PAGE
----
So first, let me make the case that Chiang Kai-shek is to blame for the CCP's interest in Taiwan in the first place. 

You read that right. It's all his (and the KMT's) fault that this is a problem to begin with.

I don't have many links for you because my biggest source is one of my favorite books, 
Accidental State by Hsiao-ting Lin, but I will link where I can. 

In 1924, Sun Yat-sen did include Taiwan in his Three Principles of the People, and it's likely Chiang got the idea to include Taiwan in the territories claimed by the Nationalists at the summit in Cairo in 1943 from this, according to Lin. Here's the thing though: Sun also included all sorts of places that no reasonable person believes "China" should control, including parts of Korea, Burma, Vietnam, Nepal, Bhutan etc. It also is not clear from Sun's other writing that when visiting Taiwan (he visited twice, I believe) he considered it to be anything other than Japanese territory.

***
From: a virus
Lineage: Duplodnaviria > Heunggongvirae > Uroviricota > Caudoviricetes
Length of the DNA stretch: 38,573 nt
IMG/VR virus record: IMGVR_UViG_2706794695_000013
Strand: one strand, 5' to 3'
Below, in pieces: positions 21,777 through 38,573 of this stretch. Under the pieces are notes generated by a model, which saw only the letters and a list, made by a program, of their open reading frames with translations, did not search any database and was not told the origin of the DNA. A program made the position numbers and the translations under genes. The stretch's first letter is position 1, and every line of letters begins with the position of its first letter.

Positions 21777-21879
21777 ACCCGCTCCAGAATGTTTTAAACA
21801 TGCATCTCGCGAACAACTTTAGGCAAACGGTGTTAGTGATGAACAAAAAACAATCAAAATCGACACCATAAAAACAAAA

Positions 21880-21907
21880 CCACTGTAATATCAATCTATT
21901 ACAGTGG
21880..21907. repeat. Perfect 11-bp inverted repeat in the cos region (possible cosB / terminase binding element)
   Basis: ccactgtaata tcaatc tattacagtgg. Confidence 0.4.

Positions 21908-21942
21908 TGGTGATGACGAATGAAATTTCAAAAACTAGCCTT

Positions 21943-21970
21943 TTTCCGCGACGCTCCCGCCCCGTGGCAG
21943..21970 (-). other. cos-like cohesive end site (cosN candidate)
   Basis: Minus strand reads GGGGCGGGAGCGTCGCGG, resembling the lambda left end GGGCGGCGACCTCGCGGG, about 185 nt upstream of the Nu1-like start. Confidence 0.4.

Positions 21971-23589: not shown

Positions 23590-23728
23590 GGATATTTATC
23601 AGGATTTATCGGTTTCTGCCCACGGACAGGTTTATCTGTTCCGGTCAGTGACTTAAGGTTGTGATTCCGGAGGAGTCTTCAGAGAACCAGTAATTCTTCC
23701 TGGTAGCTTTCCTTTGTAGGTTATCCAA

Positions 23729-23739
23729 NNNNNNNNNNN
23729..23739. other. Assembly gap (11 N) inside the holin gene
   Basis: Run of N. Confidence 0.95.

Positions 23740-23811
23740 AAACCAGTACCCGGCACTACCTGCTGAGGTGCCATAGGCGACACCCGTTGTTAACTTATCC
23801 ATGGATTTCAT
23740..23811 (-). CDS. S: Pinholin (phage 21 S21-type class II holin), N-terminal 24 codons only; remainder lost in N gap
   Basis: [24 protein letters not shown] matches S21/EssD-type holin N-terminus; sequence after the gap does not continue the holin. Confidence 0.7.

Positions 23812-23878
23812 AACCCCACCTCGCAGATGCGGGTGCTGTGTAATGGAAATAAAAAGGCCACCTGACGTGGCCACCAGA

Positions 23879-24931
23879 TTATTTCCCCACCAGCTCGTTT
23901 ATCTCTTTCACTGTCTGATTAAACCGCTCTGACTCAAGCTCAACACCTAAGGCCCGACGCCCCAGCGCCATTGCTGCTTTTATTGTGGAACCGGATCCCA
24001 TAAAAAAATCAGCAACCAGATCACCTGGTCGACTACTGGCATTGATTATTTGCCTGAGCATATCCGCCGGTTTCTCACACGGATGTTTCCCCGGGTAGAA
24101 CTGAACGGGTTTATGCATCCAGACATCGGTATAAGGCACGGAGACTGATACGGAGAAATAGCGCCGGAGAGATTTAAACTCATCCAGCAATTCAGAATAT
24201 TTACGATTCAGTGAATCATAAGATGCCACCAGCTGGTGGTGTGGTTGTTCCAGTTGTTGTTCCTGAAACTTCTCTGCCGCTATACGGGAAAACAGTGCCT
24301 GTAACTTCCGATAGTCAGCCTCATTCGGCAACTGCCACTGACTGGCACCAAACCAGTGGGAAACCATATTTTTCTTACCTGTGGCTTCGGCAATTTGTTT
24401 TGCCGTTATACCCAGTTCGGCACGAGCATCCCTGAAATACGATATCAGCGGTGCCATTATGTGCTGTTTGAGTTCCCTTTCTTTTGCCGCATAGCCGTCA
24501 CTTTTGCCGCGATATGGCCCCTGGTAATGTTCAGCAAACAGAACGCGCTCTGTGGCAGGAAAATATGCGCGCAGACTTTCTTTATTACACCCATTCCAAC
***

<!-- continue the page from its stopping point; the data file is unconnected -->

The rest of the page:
What does matter is this: it was not clear until right before the meeting at Cairo that Taiwan would be included in Nationalist territorial claims the way, say, Manchuria certainly would be, as Taiwan had been ceded legally under the Treaty of Shimonoseki whereas the Nationalists had never accepted Japan's conquest of Manchuria. Before that, the ROC, its officials and Chiang himself had more or less treated Taiwan as a part of Japan, including opening a consular office in Taipei "under the jurisdiction of its legation in Tokyo". Chiang even spoke to Japanese politicians about how ending colonial rule in Taiwan and Korea could help bolster relations between China and Japan! To say the least, before 1941, Nationalist views of Taiwan and clear ideas about what Taiwan should be were, to use Lin's words, "murky", "cautious", uncertain" and "undetermined".